Each of us can participate individually and collectively to restore individuals and communities harmed by crime. Click on the bottom below to learn more on how we can all get involved today.
For some time now, there has been growing dissatisfaction with the justice system. Citizens feel disconnected; victims are dissatisfied, and those working in the system are frustrated. Policymakers are increasingly concerned about the burgeoning cost of justice in the face of this discontent and the high existing rates of recidivism.
Over the past decades, there has been growing interest in new approaches to justice involving the community and focusing on the victim. The current system, in which crime is considered an act against the State, works on a premise that largely ignores the victim and the community hurt most by crime. Instead, it focuses on punishing offenders without forcing them to face the impact of their crimes.
Restorative justice offers more inclusive processes and reorients the goals of justice. The approach has been finding a receptive audience, as it creates a common ground that accommodates the goals of many constituencies and provides a collective focus.
Restorative Justice recognizes that crime hurts everyone; victim, offender and community and creates an opportunity to make it right.
Crime is an offense against human relationships.
Victims and the community are central to justice processes.
The first priority of justice processes is to assist victims.
The second priority is to restore the community to the highest possible degree.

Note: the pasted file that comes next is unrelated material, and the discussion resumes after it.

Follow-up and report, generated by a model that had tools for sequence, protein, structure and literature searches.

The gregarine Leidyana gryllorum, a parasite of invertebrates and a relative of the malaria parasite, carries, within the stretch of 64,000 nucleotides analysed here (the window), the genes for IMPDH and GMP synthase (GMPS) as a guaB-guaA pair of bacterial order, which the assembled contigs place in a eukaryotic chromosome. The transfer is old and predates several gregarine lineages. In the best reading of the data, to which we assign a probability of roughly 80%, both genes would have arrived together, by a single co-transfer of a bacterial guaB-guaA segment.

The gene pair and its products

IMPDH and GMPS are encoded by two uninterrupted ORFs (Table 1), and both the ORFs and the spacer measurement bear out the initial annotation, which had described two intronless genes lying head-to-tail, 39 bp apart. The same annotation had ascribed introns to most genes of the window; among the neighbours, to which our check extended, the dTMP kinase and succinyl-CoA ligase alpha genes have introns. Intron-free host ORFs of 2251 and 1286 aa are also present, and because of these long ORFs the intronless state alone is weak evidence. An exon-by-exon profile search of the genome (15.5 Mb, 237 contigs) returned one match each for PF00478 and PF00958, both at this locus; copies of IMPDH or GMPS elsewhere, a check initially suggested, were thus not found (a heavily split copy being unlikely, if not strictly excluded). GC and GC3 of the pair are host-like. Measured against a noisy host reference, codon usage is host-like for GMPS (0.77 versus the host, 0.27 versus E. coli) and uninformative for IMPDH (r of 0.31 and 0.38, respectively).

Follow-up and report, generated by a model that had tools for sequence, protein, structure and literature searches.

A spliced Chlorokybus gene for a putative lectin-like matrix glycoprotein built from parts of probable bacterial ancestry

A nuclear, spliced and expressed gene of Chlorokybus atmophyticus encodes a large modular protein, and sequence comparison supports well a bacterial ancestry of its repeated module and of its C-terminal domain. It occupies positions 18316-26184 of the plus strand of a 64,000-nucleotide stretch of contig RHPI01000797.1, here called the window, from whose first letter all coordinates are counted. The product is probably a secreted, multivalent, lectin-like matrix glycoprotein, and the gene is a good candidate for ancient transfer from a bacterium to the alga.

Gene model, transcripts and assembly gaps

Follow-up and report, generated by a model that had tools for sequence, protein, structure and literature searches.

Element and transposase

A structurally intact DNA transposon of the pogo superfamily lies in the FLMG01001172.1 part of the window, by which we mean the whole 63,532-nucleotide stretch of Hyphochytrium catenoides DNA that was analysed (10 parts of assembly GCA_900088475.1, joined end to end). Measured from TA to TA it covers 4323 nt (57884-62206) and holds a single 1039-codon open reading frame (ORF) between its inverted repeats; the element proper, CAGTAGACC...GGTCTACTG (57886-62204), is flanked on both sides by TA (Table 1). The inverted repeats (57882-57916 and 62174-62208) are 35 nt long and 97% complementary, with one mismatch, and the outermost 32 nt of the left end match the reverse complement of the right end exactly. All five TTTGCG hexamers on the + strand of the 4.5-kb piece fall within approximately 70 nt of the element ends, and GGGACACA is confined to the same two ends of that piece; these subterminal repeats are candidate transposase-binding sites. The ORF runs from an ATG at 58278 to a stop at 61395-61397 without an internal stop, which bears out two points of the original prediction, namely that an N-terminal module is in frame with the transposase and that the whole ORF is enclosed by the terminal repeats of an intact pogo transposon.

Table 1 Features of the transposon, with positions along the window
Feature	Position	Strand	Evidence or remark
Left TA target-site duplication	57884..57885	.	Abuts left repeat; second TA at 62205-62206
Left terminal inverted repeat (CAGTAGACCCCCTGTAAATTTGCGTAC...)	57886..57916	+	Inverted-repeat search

The offender has personal responsibility to victims and to the community for crimes committed.
Stakeholders share responsibilities for restorative justice through partnerships for action.
Within this framework, the offender will develop improved competency and understanding, making it possible for him or her to successfully re-enter society with a minimum of recidivistic risk.
Sunny Schwartz founded RSVP (Resolve to Stop the Violence Project), one of the first law enforcement program in the nation that requires offenders to confront their crimes in a controlled setting, while giving victims a much more significant voice in the criminal justice process.
The result has been a clear reduction in violent re-arrest for violent crime that demonstrates true rehabilitation and restoration and saves money. As Dreams from the Monster Factory illustrates, the notion of locking someone up and throwing away the key is a myth that only masks the reality of a rotating prison door that sees the same offenders time and again, along with a mounting list of victims and a cycle of wasted money. A study by Harvard professor and renowned expert on violence James Gilligan showed that Schwartz’s program cut recidivism for violent acts by a staggering 80 percent*.
On another level, the promise of RSVP is a restoration of dignity to communities that is often lacking. By acknowledging totality of the toll on all those effected by crime and violence, RSVP attempts to rework a broken system on the basis that people have the potential to changed heal if we have the will to actively integrate the courage, leadership and commitment within the criminal justice system. This translates into actual, quantifiable, improvements in crime rates and budgets and human cost that benefit the entire community.
*Journal of Public Health VoI. 27, No. 2, pp. 143–148 doi:10.1093/pubmed/fdi011 Advance Access Publication 8 April 2005